Dorothy research programme explores solutions to public health crises
7 July 2021 | 0
Funding for a new research programme aimed at creating solutions to public health crises has been announced.
The Dorothy programme, led by the Irish Research Council in collaboration with the Health Research Board (HRB) and the Environmental Protection Agency (EPA) and co-funded by the European Union, will break down barriers between different academic disciplines by driving collaboration between researchers.
The programme is named after Dorothy Stopford-Price, an Irish doctor who was a pioneer in eradicating tuberculosis in Ireland, and who is to be credited with being the key figure in promoting the merits and use of the BCG vaccine here.
Under the scheme, 25 researchers will be awarded a three-year postdoctoral fellowship, with a total value of €5.5 million, which will allow them to work in both Irish and overseas research institutions.
The programme will promote effective international cooperation across multiple disciplines and will create innovative research networks, with a potential focus on the impact of Covid-19 from differing perspectives including the arts, humanities, education, political economy, environmental studies, engineering, and immunology.
“The Covid-19 pandemic has reminded us of the value of investing in research, and of the need to adopt a multidisciplinary approach when responding to public health crises,” said Irish Research Council programme manager Dr Chiara Loda. “We hope to create a collaborative research initiative where scientists, policymakers and the population in general can learn from each other, bringing about creative and inclusive solutions to public health crises. These are significant, complex and multi-faceted phenomena that require approaches of the same type and magnitude.”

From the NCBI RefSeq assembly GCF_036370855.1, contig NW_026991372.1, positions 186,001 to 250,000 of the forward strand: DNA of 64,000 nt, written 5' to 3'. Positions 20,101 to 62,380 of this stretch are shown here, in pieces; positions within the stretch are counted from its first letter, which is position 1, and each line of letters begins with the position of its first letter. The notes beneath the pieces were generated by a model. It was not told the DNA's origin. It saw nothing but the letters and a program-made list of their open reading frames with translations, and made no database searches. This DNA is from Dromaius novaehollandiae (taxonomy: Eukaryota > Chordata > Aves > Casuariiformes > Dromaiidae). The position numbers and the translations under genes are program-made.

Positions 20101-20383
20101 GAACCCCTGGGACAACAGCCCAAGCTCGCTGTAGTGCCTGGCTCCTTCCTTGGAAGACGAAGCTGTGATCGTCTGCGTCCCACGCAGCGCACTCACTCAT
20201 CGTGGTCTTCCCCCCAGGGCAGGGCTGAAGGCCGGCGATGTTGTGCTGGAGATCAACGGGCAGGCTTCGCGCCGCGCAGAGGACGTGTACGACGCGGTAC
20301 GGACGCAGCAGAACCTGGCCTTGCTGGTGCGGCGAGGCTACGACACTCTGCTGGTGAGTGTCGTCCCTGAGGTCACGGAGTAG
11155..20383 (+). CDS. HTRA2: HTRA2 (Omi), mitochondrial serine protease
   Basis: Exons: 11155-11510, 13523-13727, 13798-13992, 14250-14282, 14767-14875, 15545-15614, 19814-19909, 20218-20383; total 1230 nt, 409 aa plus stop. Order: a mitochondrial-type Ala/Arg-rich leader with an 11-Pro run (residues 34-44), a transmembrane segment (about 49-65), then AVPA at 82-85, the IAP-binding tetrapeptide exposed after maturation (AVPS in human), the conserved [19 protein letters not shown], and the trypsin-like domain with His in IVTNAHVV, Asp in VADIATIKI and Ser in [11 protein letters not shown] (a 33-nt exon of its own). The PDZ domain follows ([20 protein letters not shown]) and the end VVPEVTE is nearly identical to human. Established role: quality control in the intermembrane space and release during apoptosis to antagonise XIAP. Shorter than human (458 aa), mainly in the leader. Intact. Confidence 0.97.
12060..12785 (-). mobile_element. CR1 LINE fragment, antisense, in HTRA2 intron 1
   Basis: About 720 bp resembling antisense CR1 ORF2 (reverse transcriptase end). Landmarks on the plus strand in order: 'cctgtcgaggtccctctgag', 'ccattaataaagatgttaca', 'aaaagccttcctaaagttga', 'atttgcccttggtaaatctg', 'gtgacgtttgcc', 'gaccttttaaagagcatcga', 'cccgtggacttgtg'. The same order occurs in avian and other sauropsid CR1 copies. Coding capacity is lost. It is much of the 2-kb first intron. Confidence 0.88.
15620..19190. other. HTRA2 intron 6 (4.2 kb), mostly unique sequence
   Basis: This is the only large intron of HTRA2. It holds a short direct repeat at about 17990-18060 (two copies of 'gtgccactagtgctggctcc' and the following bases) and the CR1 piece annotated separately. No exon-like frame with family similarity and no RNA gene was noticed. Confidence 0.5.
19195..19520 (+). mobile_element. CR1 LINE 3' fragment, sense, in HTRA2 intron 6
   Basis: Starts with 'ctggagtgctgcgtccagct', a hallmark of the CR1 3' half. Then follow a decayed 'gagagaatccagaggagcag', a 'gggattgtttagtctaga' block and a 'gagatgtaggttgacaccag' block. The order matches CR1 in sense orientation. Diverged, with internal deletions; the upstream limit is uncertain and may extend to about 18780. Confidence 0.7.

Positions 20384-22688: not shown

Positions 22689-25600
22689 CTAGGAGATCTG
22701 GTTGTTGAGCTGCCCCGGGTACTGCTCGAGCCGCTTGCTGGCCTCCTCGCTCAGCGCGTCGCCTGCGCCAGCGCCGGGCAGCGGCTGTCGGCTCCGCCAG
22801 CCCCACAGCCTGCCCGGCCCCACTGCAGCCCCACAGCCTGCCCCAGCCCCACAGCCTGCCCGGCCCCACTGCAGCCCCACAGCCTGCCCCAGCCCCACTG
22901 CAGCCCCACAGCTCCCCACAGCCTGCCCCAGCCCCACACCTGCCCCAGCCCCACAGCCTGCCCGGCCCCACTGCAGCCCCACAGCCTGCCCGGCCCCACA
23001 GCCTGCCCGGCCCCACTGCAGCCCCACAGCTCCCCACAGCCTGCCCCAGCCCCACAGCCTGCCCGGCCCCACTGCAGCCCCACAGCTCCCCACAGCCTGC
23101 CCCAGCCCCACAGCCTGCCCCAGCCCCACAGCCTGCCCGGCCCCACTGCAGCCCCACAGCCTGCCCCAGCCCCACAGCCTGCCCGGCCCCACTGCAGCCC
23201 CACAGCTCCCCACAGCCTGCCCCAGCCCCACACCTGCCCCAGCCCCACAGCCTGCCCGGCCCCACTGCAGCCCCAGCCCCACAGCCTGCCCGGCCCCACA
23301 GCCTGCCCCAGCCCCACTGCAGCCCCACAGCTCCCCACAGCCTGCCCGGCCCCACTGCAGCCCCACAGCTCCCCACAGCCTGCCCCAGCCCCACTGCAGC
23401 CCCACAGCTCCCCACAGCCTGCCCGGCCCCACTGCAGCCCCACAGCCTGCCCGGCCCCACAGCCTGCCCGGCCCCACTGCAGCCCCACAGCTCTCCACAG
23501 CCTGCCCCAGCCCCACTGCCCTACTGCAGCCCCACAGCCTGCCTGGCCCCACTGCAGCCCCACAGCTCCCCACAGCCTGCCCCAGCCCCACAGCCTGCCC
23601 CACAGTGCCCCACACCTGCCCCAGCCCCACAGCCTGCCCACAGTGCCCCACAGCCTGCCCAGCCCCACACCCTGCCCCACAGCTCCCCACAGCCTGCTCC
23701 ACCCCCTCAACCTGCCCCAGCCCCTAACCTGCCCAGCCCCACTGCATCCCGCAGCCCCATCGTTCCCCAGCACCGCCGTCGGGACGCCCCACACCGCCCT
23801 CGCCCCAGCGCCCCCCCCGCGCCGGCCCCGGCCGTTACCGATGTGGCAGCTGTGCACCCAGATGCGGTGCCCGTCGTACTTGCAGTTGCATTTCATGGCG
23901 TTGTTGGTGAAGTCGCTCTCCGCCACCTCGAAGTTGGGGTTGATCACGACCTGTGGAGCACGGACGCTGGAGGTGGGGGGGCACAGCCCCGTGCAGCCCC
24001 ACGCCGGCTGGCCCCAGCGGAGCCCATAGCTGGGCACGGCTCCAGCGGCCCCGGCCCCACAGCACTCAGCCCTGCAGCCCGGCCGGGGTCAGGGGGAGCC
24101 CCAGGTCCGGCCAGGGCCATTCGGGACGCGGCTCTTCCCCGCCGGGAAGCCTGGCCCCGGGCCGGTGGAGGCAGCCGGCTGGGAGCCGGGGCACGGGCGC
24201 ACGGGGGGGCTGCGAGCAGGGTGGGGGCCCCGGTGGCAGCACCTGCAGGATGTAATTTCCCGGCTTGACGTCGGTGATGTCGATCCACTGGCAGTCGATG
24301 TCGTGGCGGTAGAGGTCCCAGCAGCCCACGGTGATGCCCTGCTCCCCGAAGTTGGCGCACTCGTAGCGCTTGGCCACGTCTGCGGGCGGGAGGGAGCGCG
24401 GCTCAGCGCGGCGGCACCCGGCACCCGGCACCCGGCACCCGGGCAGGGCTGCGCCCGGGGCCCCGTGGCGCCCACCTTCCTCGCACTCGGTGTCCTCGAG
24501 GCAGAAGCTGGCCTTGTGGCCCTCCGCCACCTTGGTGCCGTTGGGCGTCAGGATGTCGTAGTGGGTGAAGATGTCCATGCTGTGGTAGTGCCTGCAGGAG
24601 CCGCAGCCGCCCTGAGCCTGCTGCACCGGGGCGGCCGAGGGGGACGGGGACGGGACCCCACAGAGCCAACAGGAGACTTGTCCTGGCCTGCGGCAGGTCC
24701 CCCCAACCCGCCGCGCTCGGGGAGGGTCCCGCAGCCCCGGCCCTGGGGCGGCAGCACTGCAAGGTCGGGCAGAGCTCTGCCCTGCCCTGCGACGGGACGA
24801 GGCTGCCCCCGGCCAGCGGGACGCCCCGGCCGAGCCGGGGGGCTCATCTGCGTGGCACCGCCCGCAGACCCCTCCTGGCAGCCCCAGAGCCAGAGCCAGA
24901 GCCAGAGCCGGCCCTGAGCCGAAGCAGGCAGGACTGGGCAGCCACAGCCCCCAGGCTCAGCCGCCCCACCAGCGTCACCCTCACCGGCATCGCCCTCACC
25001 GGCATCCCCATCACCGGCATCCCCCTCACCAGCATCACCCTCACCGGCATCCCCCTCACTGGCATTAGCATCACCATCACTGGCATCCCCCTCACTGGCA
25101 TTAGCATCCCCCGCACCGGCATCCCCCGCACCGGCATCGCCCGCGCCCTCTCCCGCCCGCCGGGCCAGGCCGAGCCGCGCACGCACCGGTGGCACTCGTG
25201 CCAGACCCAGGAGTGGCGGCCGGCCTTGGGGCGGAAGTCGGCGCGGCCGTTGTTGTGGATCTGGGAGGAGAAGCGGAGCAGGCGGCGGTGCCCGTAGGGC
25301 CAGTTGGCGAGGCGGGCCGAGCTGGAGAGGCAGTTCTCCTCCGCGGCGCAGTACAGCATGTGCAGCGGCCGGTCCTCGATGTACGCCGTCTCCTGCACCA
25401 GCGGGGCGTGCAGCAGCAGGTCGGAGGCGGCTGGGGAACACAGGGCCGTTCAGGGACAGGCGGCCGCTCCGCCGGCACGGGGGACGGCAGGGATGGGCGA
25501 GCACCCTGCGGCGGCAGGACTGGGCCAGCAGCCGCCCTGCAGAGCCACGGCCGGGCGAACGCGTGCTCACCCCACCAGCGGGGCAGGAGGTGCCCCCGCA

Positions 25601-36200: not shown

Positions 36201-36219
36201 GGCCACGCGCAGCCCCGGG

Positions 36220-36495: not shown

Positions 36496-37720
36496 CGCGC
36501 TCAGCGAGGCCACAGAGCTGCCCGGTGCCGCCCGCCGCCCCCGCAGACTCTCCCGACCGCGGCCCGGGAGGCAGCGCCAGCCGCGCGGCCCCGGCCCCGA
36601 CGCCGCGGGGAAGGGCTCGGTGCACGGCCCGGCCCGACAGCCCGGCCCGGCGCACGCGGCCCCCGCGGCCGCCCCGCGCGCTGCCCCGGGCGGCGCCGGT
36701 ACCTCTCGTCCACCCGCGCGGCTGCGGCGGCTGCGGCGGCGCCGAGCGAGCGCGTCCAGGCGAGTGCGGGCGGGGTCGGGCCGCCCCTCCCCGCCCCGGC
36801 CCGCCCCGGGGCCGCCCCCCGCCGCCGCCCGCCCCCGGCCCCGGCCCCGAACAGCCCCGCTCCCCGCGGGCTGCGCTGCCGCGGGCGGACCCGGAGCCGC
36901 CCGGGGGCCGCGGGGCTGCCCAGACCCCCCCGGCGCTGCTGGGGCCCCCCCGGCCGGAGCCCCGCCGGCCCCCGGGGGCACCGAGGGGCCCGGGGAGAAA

Following a competitive process, the programme was successful under the European Commission’s Marie Sklodowska Curie Actions (MSCA) pillar and will be co-funded by the Commission for a period of five years. The application to the Commission for funding was ranked as the second-highest programme of its kind in Europe.
Dr Annalisa Montesanti, programme manager at the Health Research Board, said: “Health emergencies demand rapid responses based on best practice. The Dorothy programme will drive interdisciplinary research to inform and to strengthen Ireland’s preparedness for emerging health emergencies. It is designed to bring together the best minds in research, industry, public health, and policy, to work together to ensure that research and evidence are available in advance to help inform decision making and practice in relation to events like the Covid-19 pandemic.”
Laura Burke, director general, Environmental Protection Agency, said: “A good-quality, well-protected environment has significant health and wellbeing benefits. Research has shown that access to clean green and blue spaces in our environment is good for both our physical and mental health. However, there are risks to our environment and our health from climate disruption, emerging pollutants of concern, and degraded ecosystems. The Environmental Protection Agency welcomes this collaborative partnership that will facilitate multi-disciplinary, integrated and timely research to support knowledge to action on these pressing environmental challenges.”
For more information visit https://research.ie/